Editorial: Recreation matters

The town of Goderich in western Ontario has found an innovative, yet old-school way to fix the doctor shortage in their community. It could be one that could be adopted in South Dundas: more recreation.

Goderich, a town of about 8,000 people, had just five family doctors left in the community. Barely 10 years later, the community has 28 doctors according to a recent report by the CBC.

How did Goderich do it? In short, the community invested in its own facilities and recreation to make the town more attractive to doctors and other professionals. This included constructing a $6.5 million indoor pool and recreation facility, operated by the YMCA. The town partnered with a doctor recruitment program which worked with nearby universities to bring doctors in for training. Goderich was being proactive as existing doctors in the community began to retire.

When considering factors that attract people to a community, what to do in that community appears top-most for families. How far one has to travel to reach desirable amenities detracts from an area’s natural scenic, quiet benefits. Recreation facilities really matter when it comes to a community’s appeal.

The outcome of last week’s Report on Youth by South Dundas youth intern Kaileigh Helmer highlights this again. An overwhelming majority of the over 100 youth who took part in the report said they wanted more things to do in South Dundas. Those youth appreciated the programs and facilities we have already, but they still go elsewhere for recreation.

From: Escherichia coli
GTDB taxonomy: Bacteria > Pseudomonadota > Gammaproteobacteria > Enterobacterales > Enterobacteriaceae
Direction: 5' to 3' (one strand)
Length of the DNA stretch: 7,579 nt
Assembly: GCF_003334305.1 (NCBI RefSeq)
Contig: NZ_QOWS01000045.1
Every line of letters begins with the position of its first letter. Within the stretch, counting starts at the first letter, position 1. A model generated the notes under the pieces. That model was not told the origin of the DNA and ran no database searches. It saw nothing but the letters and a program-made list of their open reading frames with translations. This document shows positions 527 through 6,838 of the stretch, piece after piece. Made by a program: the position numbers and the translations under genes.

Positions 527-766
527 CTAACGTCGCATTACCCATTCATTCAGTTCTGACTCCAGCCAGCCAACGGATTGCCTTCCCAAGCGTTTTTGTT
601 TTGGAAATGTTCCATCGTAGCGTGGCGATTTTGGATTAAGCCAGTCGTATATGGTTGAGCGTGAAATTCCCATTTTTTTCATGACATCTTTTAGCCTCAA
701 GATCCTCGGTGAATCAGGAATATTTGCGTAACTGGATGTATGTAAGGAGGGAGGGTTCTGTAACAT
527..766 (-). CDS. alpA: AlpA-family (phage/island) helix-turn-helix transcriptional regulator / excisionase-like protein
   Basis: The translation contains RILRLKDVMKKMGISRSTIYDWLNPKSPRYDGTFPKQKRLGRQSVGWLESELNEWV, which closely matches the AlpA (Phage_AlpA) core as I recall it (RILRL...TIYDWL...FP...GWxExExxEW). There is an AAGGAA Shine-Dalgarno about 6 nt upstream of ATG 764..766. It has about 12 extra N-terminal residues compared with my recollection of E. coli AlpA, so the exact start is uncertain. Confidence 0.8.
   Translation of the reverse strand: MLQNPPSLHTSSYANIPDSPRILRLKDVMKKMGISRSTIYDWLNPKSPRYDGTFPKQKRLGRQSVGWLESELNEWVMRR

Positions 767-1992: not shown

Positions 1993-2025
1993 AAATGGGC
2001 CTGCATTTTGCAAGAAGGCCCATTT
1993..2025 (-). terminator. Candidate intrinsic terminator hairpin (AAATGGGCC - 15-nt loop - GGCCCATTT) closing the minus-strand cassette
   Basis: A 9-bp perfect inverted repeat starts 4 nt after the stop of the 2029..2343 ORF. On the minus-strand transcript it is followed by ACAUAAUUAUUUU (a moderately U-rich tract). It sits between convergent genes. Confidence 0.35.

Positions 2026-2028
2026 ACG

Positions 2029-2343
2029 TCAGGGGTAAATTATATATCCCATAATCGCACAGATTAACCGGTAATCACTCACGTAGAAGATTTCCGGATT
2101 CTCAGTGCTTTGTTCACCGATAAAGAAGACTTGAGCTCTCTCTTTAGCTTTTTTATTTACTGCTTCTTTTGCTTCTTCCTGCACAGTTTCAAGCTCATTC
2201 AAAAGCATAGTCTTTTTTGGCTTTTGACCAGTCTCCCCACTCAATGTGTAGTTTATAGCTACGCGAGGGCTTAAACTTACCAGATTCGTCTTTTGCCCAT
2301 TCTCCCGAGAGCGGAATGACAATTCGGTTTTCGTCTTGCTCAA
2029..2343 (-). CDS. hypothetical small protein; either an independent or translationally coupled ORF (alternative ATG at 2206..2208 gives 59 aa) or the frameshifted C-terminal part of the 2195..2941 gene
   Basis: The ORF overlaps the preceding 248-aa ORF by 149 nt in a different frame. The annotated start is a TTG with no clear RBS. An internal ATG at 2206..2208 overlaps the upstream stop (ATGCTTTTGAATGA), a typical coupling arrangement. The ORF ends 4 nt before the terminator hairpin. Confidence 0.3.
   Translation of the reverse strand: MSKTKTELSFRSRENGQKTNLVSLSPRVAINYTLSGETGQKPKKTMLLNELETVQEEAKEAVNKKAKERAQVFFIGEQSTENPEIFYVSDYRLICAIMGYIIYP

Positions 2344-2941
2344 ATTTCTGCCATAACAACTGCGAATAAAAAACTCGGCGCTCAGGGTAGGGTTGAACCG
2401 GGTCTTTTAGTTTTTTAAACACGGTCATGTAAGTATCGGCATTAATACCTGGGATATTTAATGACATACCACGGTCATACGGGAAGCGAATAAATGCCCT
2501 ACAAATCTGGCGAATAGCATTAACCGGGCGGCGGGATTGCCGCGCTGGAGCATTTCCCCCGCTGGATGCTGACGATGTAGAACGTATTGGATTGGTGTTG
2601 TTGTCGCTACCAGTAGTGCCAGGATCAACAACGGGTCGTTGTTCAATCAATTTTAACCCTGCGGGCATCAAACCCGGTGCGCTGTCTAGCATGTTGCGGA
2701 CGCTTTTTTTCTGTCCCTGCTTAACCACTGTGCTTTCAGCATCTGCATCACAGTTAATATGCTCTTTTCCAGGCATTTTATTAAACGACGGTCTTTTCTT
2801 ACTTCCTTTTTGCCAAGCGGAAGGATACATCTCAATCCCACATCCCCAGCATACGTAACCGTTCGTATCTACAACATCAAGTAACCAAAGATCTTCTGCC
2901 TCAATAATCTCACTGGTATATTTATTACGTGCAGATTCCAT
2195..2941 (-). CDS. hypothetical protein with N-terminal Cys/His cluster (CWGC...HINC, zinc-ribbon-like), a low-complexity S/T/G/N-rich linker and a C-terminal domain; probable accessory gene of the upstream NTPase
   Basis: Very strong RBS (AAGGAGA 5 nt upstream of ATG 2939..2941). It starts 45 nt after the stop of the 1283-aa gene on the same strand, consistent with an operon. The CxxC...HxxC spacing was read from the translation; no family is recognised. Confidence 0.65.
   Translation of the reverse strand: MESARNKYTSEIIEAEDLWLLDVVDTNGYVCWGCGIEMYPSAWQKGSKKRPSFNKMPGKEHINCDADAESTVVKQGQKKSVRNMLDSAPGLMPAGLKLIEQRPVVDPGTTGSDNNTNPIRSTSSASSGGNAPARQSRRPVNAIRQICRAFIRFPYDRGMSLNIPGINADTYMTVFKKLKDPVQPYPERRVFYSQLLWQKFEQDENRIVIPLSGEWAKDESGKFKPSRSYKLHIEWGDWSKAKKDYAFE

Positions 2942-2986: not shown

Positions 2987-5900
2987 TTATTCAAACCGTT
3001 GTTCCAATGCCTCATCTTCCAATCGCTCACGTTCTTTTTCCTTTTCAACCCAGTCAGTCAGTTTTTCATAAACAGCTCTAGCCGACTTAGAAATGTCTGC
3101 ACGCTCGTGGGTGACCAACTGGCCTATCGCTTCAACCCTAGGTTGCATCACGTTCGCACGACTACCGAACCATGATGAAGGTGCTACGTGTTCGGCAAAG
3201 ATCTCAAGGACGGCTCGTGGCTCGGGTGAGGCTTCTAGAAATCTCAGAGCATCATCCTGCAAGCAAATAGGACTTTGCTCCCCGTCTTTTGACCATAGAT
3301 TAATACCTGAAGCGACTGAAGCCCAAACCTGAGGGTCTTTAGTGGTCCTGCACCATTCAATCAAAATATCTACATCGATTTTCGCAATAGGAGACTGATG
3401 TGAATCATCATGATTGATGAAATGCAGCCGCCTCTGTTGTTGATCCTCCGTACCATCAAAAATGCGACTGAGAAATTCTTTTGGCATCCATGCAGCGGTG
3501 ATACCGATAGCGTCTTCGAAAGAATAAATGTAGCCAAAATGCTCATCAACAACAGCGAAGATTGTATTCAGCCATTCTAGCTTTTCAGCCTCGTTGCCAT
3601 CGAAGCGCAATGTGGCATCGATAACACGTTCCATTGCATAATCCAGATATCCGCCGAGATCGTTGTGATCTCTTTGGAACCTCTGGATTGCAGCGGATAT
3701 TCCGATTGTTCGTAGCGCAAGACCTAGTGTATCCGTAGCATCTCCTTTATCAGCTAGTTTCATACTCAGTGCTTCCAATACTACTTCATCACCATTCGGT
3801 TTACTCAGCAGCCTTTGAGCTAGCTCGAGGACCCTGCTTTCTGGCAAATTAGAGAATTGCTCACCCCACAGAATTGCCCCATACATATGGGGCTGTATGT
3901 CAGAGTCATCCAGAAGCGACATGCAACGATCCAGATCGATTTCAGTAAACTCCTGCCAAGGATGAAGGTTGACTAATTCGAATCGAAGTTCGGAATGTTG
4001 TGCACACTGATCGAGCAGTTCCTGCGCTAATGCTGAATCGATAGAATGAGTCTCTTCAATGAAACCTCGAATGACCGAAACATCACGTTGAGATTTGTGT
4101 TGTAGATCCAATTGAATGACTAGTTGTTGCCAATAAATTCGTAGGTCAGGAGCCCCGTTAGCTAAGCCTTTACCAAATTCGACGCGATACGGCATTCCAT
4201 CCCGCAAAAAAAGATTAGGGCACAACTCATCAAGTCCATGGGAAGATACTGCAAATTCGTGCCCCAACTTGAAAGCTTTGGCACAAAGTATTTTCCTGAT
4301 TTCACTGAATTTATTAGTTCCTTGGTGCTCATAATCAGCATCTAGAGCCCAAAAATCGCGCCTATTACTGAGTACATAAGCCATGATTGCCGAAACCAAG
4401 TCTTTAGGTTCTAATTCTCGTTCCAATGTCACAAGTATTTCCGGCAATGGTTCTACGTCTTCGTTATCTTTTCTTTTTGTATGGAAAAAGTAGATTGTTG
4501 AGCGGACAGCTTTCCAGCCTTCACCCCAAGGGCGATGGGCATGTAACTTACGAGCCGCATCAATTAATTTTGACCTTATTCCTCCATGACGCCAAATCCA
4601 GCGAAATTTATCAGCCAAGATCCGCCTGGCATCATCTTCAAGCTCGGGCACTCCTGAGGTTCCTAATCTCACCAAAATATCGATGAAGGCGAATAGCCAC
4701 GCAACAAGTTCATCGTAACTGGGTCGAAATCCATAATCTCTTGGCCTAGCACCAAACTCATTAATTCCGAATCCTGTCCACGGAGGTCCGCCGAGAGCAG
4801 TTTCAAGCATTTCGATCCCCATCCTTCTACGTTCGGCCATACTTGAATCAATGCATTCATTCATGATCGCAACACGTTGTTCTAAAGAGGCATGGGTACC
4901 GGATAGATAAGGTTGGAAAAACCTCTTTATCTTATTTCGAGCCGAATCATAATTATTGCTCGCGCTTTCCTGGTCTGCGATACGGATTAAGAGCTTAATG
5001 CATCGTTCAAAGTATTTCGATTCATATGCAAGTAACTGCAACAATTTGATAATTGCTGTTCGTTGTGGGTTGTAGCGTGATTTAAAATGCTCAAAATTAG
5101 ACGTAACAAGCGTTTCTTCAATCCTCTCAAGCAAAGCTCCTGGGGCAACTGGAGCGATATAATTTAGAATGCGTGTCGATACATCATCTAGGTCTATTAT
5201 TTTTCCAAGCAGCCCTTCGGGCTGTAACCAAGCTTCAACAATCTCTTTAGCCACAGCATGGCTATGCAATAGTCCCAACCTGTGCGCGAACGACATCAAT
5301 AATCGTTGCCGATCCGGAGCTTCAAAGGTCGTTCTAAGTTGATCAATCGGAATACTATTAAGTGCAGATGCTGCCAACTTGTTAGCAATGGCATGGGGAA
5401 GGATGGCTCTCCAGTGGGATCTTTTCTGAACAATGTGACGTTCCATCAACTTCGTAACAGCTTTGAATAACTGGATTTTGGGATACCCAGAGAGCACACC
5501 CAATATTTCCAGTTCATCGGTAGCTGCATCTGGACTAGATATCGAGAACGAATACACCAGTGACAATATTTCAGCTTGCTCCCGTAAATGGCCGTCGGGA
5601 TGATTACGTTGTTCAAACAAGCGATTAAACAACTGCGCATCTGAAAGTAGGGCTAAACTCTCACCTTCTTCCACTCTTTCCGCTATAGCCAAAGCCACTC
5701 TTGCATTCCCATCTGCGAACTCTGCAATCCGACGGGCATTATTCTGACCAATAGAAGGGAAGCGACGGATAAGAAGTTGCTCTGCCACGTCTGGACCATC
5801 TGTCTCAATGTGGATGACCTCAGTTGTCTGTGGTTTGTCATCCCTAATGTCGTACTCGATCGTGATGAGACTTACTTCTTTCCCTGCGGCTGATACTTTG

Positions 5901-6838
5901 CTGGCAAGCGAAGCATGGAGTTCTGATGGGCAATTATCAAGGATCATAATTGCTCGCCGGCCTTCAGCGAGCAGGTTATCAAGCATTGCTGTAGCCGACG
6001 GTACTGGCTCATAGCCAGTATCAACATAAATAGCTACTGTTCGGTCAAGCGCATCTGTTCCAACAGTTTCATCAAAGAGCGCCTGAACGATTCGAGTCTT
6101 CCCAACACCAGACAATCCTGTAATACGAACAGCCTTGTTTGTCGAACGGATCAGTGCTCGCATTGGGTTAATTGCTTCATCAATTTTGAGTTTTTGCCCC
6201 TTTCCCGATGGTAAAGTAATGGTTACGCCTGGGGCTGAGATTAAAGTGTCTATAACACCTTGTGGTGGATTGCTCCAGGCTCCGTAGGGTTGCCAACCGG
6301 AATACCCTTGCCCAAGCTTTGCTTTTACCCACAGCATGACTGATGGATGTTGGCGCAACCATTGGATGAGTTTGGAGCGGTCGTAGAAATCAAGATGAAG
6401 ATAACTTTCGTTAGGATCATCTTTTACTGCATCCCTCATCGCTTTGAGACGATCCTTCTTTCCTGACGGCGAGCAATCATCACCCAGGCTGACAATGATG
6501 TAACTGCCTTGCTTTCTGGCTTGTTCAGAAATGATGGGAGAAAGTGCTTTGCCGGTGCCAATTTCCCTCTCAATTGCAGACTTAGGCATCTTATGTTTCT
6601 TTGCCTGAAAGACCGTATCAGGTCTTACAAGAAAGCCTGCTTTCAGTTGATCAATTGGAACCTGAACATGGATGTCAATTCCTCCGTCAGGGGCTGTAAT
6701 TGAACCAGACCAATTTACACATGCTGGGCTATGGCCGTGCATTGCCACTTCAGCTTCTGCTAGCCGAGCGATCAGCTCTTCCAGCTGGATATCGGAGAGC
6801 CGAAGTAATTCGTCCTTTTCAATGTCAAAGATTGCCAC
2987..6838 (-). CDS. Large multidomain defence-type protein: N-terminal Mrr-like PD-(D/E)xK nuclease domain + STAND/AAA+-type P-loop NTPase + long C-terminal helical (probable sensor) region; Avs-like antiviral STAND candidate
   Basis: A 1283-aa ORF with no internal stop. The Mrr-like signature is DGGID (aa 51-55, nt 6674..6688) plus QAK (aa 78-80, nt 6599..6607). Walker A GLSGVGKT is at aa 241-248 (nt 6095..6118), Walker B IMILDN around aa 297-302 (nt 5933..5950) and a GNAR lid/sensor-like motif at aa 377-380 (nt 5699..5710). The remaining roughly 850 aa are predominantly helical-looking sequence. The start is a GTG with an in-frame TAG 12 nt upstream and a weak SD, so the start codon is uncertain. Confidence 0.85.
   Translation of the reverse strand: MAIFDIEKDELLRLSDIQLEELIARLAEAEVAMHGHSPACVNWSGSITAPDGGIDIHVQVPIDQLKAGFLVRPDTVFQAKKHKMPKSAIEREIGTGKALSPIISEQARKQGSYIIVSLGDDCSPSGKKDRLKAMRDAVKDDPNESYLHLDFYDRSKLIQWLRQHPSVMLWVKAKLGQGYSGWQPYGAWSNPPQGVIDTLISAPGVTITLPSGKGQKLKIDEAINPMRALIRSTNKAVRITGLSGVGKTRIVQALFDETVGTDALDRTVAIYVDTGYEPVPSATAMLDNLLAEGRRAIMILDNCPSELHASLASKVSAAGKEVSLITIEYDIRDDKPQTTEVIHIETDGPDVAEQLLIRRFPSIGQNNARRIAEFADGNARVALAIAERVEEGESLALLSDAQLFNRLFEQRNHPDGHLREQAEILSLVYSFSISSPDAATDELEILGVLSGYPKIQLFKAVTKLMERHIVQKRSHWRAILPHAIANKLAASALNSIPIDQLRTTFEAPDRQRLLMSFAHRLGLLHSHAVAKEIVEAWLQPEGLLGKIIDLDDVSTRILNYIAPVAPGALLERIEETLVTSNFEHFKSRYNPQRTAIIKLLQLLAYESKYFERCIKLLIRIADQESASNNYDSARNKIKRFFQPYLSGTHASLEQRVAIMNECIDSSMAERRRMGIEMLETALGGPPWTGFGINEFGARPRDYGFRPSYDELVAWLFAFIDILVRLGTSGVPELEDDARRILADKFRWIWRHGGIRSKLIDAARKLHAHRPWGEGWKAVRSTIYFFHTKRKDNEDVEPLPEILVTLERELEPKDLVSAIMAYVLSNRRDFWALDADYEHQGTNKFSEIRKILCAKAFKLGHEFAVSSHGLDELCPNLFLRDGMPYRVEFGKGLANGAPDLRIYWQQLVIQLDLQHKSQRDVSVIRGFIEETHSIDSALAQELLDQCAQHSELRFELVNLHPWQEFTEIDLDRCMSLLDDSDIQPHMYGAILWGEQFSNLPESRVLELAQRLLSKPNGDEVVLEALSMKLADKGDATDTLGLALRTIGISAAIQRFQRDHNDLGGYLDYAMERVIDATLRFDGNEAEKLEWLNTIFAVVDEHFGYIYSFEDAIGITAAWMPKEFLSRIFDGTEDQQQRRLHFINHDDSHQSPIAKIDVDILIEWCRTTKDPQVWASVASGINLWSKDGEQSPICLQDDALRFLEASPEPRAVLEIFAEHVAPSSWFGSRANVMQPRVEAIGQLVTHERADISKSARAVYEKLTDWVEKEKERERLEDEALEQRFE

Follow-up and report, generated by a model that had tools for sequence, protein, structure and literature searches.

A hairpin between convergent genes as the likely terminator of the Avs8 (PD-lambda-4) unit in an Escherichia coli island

The benefits of recreation serve not just to attract doctors and retain our youth. Active recreation is vital to a healthy society. Having more recreation means social interaction, more engagement within the community, and makes South Dundas a more attractive place to live.

Recreation itself is not expensive: recreation facilities are. The Cornwall Aquatic Centre cost over $4.5 million to construct when it opened in 2005. The Russell Sports Dome, which opened in early 2018, cost over $4.5 million to build.

In order to attract and retain people in South Dundas, particularly new doctors, more must be done when it comes to recreation. Facilities come with a steep price tag, but such investments in South Dundas could pay dividends in a healthier, and more active community. And in attracting new doctors.

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